As a first generation, Pacific Islander woman, my connectivity to others and by extension to the land we occupy has always been a relationship of great importance to me. In Tonga, we refer to this spatial relationship as “tauhi va,” which literally means to look after or protect the vă or space between two or more people or among groups who are related to one another in some way (Thaman 2003). Born and raised in the racially and ethnically diverse city of West Valley Utah, most of my life has been on the “west side.” Unfortunately, the realities of institutional and structural racism were apparent to me at a very young age. It was evident through the policies and legislation that impacted my hometown and essentially those that looked like me. I could no longer ignore the impacts on the underserved and underrepresented communities from which I came. As such, I began not only my academic endeavors, but my professional and community work with an acute desire to advance solutions that would ultimately uplift those around me.
Over the last 15 years I have had the opportunity to develop a work history and experience that has given me breadth towards creating greater Justice, Equity, Diversity, and Inclusion work. From my combined 9 years of experience working in SSA Law & Estate Planning to my decade and a half of active civic engagement throughout the State of Utah. As a result, I believe that I will be able to continue fostering these effective partnerships with local governments and community-based organizations in collaboration with Utah Clean Energy’s team and mission.
I also currently serve as one of Salt Lake County’s Planning Commissioners. Collectively we examine land use ordinances regarding planning, zoning, development and subdivision ordinance. In our community meetings/hearings for the West General plan as well as divisions within the Southwest Oquirrhs & Traverse Mountains.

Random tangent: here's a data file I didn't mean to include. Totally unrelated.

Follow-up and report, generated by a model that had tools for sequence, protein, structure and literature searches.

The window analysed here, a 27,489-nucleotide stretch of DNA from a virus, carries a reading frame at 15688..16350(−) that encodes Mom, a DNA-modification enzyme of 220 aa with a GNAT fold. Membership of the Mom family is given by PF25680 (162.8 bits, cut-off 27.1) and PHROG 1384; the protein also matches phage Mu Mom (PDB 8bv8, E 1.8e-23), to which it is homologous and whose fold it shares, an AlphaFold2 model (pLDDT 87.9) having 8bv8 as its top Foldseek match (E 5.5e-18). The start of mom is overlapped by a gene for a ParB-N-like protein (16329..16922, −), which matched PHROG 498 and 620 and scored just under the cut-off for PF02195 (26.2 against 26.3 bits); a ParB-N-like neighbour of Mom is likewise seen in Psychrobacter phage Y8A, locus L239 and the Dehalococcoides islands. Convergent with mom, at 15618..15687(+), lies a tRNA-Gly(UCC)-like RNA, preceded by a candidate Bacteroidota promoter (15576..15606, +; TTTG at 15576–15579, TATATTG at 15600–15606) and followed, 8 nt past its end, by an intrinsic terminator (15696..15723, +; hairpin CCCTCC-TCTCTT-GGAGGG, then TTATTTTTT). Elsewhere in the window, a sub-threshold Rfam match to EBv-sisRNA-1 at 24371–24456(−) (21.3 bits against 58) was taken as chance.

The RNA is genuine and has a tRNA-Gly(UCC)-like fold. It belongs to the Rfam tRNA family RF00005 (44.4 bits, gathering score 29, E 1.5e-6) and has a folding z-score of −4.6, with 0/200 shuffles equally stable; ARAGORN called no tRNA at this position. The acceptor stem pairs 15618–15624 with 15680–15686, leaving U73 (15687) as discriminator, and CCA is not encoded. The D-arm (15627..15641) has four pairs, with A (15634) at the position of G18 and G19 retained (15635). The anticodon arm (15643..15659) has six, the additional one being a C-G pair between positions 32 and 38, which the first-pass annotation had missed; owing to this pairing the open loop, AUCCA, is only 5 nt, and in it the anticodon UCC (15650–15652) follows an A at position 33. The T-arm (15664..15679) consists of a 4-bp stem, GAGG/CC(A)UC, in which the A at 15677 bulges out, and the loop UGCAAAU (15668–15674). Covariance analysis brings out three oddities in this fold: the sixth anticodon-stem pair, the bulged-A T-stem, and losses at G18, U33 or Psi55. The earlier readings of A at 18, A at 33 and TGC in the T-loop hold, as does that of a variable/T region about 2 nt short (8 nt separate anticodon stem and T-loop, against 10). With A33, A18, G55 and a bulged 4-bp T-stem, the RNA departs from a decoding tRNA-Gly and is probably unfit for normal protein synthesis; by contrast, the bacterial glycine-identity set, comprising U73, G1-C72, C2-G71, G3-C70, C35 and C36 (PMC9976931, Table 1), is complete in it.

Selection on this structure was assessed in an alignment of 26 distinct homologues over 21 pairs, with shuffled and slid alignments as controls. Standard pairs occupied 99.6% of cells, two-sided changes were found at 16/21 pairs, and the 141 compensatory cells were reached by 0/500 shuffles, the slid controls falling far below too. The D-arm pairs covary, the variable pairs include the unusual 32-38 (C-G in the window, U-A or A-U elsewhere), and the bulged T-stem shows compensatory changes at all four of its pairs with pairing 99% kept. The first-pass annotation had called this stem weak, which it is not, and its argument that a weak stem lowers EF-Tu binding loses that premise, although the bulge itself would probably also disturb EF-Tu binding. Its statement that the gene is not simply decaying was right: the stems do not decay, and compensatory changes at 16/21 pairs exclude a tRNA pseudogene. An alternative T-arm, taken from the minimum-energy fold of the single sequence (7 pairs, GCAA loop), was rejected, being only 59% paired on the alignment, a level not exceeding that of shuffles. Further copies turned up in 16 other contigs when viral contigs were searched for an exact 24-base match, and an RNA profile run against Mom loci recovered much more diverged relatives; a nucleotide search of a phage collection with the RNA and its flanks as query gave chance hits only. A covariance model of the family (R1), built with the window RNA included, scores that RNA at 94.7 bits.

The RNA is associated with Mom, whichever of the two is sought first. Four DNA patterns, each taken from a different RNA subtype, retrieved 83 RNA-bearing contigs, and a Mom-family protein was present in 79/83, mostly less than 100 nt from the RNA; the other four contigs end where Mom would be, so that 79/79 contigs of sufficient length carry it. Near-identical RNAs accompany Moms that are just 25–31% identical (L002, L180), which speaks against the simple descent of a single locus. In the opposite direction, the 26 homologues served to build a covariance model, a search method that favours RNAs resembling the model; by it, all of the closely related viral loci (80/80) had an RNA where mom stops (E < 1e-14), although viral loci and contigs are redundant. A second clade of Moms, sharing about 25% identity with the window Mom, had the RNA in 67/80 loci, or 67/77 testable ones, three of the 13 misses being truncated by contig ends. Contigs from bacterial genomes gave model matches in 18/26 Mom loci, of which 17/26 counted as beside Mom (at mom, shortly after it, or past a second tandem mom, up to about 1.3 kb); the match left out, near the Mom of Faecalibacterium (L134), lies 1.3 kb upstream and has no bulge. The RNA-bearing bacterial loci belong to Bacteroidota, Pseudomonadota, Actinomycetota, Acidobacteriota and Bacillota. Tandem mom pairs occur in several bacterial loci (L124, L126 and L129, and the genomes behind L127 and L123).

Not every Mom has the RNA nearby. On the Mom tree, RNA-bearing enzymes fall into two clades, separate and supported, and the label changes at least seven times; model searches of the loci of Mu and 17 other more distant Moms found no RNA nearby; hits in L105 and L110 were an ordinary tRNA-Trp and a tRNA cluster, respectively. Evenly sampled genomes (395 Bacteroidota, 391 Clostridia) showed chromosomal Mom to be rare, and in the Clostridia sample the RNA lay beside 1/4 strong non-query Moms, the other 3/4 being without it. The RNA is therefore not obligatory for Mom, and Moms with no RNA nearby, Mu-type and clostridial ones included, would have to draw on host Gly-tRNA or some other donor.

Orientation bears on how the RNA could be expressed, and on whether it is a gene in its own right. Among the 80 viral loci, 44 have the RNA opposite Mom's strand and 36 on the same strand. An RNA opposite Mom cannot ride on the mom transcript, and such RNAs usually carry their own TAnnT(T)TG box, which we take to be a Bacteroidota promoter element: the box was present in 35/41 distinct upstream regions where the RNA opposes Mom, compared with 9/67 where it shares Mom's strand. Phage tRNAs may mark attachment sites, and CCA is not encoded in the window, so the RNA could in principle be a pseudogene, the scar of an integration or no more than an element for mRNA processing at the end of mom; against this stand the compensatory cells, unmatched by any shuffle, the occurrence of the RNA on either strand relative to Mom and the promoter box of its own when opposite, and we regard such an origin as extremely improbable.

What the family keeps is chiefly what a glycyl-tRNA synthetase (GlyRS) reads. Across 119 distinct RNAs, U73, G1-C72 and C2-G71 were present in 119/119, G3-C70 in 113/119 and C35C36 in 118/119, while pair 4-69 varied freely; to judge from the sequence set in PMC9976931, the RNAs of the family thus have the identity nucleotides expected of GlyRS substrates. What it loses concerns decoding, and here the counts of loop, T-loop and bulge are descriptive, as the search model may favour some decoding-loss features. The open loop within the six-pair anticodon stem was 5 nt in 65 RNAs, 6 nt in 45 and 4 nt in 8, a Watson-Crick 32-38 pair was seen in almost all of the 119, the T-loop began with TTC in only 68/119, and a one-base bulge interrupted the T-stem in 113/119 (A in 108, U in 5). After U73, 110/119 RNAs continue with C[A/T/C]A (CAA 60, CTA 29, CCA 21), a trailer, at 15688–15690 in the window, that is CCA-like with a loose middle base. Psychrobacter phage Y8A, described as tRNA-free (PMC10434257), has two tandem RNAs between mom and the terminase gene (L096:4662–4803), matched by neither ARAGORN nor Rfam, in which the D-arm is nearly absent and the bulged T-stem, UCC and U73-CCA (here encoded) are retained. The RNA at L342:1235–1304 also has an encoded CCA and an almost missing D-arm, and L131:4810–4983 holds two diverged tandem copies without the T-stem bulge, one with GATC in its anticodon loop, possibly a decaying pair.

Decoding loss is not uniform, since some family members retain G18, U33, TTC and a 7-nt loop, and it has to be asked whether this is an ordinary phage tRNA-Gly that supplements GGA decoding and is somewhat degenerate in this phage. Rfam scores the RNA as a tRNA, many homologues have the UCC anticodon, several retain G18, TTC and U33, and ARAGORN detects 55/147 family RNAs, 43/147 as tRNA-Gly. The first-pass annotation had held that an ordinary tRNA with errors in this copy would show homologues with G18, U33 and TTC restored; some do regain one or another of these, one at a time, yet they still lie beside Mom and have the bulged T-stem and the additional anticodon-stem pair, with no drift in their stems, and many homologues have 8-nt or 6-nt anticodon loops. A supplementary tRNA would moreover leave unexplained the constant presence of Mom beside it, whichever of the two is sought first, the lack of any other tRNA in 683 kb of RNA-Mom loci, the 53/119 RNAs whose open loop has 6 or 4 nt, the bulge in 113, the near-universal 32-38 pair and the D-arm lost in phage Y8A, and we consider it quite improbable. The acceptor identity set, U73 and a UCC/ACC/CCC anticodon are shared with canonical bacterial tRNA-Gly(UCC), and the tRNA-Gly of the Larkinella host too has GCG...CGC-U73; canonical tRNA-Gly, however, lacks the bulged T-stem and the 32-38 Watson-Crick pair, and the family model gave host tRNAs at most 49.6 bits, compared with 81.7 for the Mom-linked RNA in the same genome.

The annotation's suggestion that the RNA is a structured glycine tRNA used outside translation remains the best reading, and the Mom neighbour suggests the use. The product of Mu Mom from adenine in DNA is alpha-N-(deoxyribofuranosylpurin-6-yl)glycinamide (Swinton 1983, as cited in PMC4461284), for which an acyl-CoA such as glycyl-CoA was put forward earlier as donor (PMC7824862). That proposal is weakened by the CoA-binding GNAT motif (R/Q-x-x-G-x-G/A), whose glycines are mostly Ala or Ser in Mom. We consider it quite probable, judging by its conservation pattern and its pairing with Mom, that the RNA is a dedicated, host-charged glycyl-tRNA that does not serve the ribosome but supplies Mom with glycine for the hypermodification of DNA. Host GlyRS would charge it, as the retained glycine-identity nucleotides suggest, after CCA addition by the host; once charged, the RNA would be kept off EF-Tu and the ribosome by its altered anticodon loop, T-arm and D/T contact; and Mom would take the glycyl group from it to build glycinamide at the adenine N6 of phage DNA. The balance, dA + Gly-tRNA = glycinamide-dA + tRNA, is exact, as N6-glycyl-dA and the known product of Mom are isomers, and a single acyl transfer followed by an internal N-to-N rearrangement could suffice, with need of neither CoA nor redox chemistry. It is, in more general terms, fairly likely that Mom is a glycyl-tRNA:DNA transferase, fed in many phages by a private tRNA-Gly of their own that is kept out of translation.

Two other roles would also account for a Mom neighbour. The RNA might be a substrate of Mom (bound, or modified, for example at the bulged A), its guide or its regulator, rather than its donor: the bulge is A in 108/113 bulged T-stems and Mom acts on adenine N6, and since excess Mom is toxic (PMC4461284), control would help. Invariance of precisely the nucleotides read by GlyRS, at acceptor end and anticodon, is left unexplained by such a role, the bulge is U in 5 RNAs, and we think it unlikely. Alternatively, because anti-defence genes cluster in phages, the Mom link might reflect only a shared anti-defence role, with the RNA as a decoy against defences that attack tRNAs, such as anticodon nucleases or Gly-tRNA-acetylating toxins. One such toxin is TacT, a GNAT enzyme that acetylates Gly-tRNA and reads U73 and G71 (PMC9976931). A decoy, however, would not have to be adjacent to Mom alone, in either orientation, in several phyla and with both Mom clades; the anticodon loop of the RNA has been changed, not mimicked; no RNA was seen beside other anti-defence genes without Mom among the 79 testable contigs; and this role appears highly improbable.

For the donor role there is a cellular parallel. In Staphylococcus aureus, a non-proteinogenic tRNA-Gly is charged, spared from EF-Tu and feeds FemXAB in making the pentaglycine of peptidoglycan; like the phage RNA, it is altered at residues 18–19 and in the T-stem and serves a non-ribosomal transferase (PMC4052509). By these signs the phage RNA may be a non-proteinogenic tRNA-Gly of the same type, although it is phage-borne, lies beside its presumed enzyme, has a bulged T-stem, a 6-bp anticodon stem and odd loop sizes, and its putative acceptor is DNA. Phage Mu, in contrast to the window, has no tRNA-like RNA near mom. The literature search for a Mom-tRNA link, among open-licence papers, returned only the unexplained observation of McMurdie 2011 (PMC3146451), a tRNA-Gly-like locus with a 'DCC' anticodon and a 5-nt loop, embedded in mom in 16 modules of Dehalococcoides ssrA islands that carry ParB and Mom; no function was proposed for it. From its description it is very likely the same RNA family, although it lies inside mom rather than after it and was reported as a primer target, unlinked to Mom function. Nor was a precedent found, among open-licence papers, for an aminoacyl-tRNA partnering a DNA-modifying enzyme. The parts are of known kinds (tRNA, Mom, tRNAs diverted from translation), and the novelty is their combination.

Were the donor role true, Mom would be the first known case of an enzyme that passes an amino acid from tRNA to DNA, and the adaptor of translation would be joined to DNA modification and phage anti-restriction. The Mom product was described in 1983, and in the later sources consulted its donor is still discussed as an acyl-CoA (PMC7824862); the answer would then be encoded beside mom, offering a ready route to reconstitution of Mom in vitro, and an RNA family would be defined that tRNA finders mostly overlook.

I have come to better understand the importance of considering the impacts on and incorporating perspectives of multiple communities in analysis as well decision-making. Not only regarding land use, but with housing, transportation, and recreation. Additionally, and of particular importance to me, environment and conservation with the ability to preserve natural environments for public recreation and ecosystem benefits.
Lastly, I have presented in many capacities through my prior involvements with YWCA of Utah to present day and facilitated conversations with a wide variety of audiences. Most notably, as a guest panelist this past May on ABC4 News CW30’s “In Focus discussion: Asian American Heritage Month.” Furthermore, earlier this year in January as the moderator and facilitator of Comcast’s Social Justice Series, “Breaking the School to Prison Pipeline.”
In closing, I strongly believe that I am able to continue my ability in building relationships and fostering authentic community engagement with Utah’s front-line communities on climate change. Equally important, focusing on communities that are disproportionately impacted by climate change and air pollution. I am fervently passionate about mitigating the climate crisis within our state and to “tauhi va” in creating a clean and equitable energy future for Utah and the West.